Throw out that refrigerated Nestles TOLL HOUSE Cookie Dough! And don’t eat it raw or bake it.
The Food and Drug Administration has announced a voluntary recall of all varieties of Nestle® TOLL HOUSE® refrigerator cookie dough. While no e. coli bacteria have been actually found in the dough, there have been a number of reports of consumers becoming ill after eating the raw dough.
Baking the cookies may not eliminate the risk of contamination because cooks may get bacteria on their hands or on other kitchen surfaces.
Nestle and the FDA emphasize that people should never eat raw cookie dough or other foods that are intended to be baked or cooked before eating.
The products involved in the voluntary recall include all varieties of Nestlé TOLL HOUSE refrigerated Cookie Bar Dough, Cookie Dough Tub; Cookie Dough Tube; Limited Edition Cookie Dough items; Seasonal Cookie Dough and Ultimates Cookie Bar Dough. A complete list is available from Nestle. It includes all varieties, not just chocolate chip.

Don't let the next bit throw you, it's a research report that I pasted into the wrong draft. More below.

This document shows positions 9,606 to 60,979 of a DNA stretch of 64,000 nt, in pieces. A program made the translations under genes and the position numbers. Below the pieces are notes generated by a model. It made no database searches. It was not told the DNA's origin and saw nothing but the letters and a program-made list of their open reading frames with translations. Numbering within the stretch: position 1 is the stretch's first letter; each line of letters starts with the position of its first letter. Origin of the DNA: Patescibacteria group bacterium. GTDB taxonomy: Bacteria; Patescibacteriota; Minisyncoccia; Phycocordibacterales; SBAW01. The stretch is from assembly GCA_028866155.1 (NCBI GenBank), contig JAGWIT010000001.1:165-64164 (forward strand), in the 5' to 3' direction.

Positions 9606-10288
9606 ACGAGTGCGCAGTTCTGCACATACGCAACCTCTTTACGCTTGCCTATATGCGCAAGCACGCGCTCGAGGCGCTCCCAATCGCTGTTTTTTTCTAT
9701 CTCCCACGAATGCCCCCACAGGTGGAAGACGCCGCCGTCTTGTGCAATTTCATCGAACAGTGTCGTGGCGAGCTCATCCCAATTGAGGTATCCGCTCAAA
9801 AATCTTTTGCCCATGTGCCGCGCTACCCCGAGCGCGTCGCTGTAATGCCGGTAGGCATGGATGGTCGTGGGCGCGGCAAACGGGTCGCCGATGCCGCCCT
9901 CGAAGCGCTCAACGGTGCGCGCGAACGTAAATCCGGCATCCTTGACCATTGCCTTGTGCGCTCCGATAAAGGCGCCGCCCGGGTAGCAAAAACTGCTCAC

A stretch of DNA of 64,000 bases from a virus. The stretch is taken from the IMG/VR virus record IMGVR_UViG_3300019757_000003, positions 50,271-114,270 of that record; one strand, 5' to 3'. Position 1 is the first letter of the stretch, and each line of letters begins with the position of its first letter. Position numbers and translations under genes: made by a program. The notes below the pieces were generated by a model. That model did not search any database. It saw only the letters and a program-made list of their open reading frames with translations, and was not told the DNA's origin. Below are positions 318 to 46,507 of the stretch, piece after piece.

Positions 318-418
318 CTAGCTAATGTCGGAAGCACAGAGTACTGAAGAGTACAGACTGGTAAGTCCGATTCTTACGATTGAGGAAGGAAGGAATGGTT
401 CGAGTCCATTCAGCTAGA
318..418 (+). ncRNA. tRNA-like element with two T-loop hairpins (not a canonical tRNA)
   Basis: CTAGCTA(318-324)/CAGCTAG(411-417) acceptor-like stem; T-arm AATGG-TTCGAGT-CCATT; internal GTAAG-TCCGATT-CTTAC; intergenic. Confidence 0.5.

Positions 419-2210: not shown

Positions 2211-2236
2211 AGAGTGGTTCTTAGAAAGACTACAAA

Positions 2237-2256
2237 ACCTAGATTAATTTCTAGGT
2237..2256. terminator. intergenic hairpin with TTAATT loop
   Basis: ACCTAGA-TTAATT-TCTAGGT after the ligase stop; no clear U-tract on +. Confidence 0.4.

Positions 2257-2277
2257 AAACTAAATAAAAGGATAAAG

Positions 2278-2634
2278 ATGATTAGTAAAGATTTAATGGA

The FDA and CDC are working with Nestle on a study of e. coli illness that may be related to raw cookie dough. Since March 66 people have reported being sick in 28 different states. Twenty-five persons were hospitalized; 7 with a severe complication called Hemolytic Uremic Syndrome (HUS). No one has died.
The e. coli strain (E. coli O157:H7) causes abdominal cramping, vomiting, and diarrhea, which may be bloody. Young children and the elderly are at the highest risk of develooing HUS which can lead to serious kidney damage and even death.
If you have had these symptoms after eating raw cookie dough, the FDA says to contact your doctor or health care provider right away. All such illnesses should be reported to local or state health departments.
More information is available from Nestle by calling 1-800-559-5025 or by going to their website. Nestle says that consumers who have recalled cookie dough can return it to the place where they bought it for a full refund.
Note: If you make cookies at home from your own ingredients, be careful about tasting the dough or offering your kids the spoon to lick. Raw eggs used in cookies may contain salmonella bacteria. This is not the same bug as the e.coli involved in the Nestle recall, but can be as dangerous for you, your children, or a sick or elderly family members. Kate